- Filtering: This is similar to the idea of decoupling but more geared towards changing a signal rather than a voltage rail. Say you have a changing electrical signal. Combine a capacitor, resistor, and/or inductor (we will get there) and you can smooth a signal that is changing. Depending on the configuration you can filter out high frequency signals (changing a lot), aka only let through the low frequency signal (changes slowly), or visa versa.
- As mentioned above, capacitors can be used to hold charge. That being said, they can only hold charge for a very short amount of time. This is probably not a great replacement for a battery yet. Technological progress may someday provide us with capacitors that will replace batteries.
Use these equations to calculate the capacitance when capacitors are put in series and in parallel.
Press the button in the simulation below to experiment with charging and discharging a capacitor. Hold the button down for around a second before releasing. While the button is pressed, the capacitor is being charged. When the button is not being pressed, the capacitor is being discharged.
Step 4: Diodes
Diodes are a really simple but versatile circuit device. They only allow current to flow in one direction. A diode comes as a small black package with leads coming from both ends. One end of the black package will have a grey line running around it. The current will only be allowed to flow towards this grey line. Diodes also have a voltage drop, normally around 0.7 volts. This means that if you put a diode in your circuit, the end towards the grey line will have 0.7 volts less than what you started with. This is something to keep in mind.
The last photo shows what a diode does to a sinusoidal wave, a signal that goes positive and negative continuously. The oscilloscope shows that the diode only allows the positive current to pass and the negative portion gets cut out.
Step 5: Inductors
Inductors, another important electrical component, resists changes in current. So while capacitors like to smooth out voltage, inductors like to resist changes in current. They are essentially a coil of wire. When current is passed through this coil of wire, a magnetic field is created. This magnetic field holds energy and when the current getting passed through the wire changes, the magnetic field induces current to try and counteract this change. What does it mean in simple terms? If there is a positive spike/change in current, the inductor will induce a negative voltage to try and counteract this current change. Why a negative voltage and not a negative current? The negative voltage will in turn cause a negative current that will attempt to counteract the spike in positive current. If there is negative spike in current, the inductor will create a positive spike. Inductance is measured in henries.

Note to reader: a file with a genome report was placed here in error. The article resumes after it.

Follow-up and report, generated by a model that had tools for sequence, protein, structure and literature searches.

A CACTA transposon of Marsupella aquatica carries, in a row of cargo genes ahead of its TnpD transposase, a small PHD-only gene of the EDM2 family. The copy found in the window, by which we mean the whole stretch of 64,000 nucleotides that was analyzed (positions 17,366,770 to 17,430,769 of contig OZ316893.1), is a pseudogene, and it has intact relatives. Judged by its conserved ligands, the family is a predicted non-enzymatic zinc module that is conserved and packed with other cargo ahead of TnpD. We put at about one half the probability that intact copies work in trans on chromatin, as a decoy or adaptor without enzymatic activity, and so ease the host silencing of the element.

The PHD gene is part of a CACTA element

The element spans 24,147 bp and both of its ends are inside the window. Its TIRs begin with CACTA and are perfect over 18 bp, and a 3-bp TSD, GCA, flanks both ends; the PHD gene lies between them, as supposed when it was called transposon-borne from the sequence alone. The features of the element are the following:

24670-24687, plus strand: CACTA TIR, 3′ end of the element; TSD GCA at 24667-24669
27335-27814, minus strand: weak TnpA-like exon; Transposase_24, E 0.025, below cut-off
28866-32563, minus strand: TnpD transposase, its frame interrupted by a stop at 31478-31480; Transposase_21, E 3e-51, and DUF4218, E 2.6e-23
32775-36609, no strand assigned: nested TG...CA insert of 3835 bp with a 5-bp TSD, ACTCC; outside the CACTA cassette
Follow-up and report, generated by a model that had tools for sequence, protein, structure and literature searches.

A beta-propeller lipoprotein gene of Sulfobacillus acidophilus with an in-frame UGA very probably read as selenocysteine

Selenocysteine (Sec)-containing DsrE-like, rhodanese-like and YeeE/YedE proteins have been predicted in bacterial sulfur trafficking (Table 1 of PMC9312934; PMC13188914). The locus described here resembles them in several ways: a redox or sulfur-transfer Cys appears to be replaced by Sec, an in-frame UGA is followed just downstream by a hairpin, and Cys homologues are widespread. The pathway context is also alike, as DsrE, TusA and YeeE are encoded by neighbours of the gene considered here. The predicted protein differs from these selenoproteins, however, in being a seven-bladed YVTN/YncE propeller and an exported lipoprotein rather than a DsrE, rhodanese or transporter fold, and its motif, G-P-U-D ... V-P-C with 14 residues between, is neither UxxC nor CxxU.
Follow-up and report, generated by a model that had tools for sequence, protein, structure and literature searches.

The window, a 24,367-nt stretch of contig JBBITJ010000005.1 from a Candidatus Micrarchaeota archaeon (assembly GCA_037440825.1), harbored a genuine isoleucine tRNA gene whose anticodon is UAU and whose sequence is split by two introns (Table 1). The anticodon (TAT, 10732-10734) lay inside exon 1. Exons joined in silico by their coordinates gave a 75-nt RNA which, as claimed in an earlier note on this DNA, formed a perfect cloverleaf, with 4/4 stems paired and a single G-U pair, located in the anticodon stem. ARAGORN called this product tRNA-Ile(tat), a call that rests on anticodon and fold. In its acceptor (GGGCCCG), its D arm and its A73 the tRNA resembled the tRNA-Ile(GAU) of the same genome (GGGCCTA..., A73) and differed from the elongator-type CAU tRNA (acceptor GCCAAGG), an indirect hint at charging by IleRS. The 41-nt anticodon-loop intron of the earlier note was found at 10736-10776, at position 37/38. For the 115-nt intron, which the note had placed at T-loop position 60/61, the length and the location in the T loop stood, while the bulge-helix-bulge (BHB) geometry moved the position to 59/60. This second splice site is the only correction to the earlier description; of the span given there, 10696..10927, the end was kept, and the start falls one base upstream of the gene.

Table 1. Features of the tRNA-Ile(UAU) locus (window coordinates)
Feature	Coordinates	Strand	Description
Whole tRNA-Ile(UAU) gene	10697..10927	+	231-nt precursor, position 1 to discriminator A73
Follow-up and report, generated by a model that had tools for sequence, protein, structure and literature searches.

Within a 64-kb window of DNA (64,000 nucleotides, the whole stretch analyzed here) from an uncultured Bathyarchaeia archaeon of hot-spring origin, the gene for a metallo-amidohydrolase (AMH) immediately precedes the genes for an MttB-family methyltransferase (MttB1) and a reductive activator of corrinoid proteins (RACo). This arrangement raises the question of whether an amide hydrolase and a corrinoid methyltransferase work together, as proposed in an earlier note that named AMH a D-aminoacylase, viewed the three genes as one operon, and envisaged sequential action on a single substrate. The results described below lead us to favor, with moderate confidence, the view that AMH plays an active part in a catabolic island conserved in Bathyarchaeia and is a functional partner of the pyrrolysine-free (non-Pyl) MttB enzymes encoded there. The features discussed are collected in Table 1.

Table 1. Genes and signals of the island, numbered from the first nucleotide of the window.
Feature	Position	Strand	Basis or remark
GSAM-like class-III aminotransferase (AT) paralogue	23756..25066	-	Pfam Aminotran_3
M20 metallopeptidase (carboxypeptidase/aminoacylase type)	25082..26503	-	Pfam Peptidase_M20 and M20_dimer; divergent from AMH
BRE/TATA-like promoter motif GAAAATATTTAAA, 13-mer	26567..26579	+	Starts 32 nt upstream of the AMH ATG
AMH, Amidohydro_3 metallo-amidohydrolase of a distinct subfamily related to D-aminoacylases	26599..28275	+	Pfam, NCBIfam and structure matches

The last photo shows what happens to an inductor when its fed a square wave (see the first oscilloscope to see what a square wave is). The second oscilloscope shows the voltage across the inductor. The negative spikes correspond to when the square wave goes from 0V to 5V. The positive spikes correspond to when the square wave goes from 5V to 0V. This is the inductors attempts to counteract the changes of the square wave.
Inductors in series sum. So if you put two 10 micro henry inductors in series, their equivalent inductance is 20 micro henries. Use this guide to calculate the inductance when in parallel and when in series.
Step 6: Applications and Summary
Breadboards, resistors, capacitors, diodes, and inductors all have a specific purpose. With these components you have an unlimited number of circuits you can create. Some examples include, LED light display, an electronic signal filter, a boost circuit, and much more. A good understanding of these basic components is also very important in debugging circuits, in figuring out what is wrong. For example, if your circuit has a lot of ripple (the voltage signal is changing rapidly in an unwanted way), you might want to consider adding a decoupling capacitor. If your LED's keep blowing up, you might want to add a resistor to limit the current.
When choosing components make sure to check that the device can handle the current and voltage you plan on using. A components breaking point is generally specified by the supplier.